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Letter from Holyrood: Holyrood’s new financial powers

After the referendum campaign, it was back to regular Parliamentary business last week, with the annual Budget Statement. This was the first stage of consideration of the SNP Scottish government’s Budget for April 2015/16.
New powers have come to Holyrood, so for the first time John Swinney had to set two national tax rates, Landfill tax and Land Transaction Tax which replaces Stamp Duty on property sales (including house sales). He was also able to borrow money for the first time.

These powers, and with more still to come, show that our already powerful Scottish parliament continues to be strengthened by devolution, with significant fiscal responsibility, while remaining a part of the United Kingdom too. That is exactly what the Scottish people voted for, by a clear majority, in the referendum.

We still need a government to take the right decisions with those powers though, and the Scottish Government has not always done so. For example, they have failed to keep their own promises to protect the NHS. The Health budget rose slightly, but not enough to keep pace with costs, and by far less than even in England, where the Tories are in charge. A few weeks ago we discovered that NHS managers are planning major cuts to services to deal with the consequences. That is not good enough.

The budget also failed to invest properly in our young people’s future. Once again college budgets saw a real terms cut, and there are now 130,000 fewer students learning the skills they need in the college sector. During the budget debate Scottish Labour presented evidence of hundreds of young people being turned away from engineering courses. Yet engineering skills are crucial for the future of our economy and prosperity.

So, with these new financial powers this year’s budget was a historic one. Yet, as so often with Mr Swinney’s budgets, there is less to it than meets the eye.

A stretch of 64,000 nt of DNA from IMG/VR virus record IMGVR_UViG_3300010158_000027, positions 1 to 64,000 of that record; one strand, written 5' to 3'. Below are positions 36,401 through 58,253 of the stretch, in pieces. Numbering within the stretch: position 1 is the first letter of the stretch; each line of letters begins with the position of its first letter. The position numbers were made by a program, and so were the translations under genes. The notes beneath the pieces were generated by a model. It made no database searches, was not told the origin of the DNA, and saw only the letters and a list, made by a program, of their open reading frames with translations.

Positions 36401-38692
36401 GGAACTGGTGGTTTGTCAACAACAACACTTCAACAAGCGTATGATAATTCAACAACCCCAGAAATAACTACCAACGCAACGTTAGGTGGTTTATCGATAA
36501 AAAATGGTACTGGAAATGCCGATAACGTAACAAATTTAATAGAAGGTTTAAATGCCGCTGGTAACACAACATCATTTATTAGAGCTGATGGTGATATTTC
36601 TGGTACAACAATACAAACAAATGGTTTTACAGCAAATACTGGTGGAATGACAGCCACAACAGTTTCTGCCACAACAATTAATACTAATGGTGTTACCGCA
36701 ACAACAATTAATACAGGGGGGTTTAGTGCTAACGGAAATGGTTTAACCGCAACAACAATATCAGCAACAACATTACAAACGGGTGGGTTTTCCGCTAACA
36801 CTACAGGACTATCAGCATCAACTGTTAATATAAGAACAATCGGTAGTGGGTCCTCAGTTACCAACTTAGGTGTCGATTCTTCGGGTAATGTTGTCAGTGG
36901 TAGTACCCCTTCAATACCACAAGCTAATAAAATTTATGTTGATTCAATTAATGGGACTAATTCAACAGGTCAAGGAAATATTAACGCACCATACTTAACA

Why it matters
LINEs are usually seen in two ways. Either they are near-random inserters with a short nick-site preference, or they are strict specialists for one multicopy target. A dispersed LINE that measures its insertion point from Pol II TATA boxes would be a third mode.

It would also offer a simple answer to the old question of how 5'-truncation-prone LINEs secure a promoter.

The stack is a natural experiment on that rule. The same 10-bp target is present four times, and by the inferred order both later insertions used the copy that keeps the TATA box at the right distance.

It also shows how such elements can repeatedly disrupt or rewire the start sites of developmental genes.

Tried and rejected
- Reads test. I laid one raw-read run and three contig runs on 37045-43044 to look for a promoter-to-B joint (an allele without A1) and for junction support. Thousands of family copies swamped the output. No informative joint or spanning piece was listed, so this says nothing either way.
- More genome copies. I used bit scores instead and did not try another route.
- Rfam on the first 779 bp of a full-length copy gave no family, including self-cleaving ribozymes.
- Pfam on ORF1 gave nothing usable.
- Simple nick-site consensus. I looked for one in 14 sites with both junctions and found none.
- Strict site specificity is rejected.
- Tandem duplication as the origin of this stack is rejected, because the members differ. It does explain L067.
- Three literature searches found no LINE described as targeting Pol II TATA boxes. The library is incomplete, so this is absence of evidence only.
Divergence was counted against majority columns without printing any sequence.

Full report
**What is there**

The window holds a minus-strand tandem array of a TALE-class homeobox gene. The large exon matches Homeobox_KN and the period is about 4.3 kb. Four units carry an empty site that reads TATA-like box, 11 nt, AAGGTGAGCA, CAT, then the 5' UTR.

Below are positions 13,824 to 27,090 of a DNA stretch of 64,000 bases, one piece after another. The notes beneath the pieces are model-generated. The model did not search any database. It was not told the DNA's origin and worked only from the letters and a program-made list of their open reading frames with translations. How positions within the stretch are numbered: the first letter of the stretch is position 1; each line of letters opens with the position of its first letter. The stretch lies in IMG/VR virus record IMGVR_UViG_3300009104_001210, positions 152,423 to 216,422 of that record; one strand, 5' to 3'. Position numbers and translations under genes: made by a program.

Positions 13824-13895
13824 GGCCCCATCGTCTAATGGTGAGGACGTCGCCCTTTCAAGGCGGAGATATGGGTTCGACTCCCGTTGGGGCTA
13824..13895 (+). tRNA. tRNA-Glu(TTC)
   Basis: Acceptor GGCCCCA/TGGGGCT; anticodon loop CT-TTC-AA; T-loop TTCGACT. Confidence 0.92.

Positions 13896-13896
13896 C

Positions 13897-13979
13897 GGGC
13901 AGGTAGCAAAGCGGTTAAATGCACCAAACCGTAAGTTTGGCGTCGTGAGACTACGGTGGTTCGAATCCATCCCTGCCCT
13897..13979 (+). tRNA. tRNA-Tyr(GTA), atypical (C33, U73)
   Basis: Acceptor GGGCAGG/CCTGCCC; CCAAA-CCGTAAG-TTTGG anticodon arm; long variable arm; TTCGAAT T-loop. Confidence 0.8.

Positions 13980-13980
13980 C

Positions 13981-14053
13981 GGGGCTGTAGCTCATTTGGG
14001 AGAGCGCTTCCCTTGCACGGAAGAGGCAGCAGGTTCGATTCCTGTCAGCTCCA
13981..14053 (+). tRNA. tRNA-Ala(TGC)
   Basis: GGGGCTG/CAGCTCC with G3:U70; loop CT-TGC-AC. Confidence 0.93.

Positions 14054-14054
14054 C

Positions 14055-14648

Residents urged to ensure they don’t lose vote as new registration rules are introduced

As the introduction of Individual Electoral Registration (IER) in Scotland gets underway, Iain Gray MSP and Fiona O’Donnell MP are urging local people to ensure that this major change to the democratic process does not see them lose their right to vote.

Introduced by the UK Coalition Government, the aim of IER is to increase public trust in our electoral system by encouraging people to take individual responsibility for registering to vote. Under the previous system, the ‘head of household’ was responsible for registering everyone who lived at an address.

The new system means that for the first time people are now able to register online. To register, individuals will need to provide a few more details, including their National Insurance number and date of birth, to help make the electoral register more secure.

The majority of people who are already on the register should not need to do anything, with most being automatically transferred to the new system. However, the Electoral Commission, the independent body in charge of electoral matters, has stated that the scale of the transition and the challenge of reaching unregistered voters cannot be underestimated.

It is running a public awareness campaign to let people know what is happening and to ask them to look out for the letter from their local Electoral Registration Officer (ERO) telling them what they will now need to do, if anything, to get registered.

Iain Gray MSP said:

“One aspect of the referendum which was universally welcomed was the level of public engagement, including the exceptionally high turnout. With a record number of people now on the electoral register, it is vital that these changes to voter registration do not lead to people missing out on the chance to vote at future elections.

“Groups such as private renters, students and young people, and those who have moved home recently are most likely to be at risk of falling off during the transition period and should take steps to check that they are on the register.”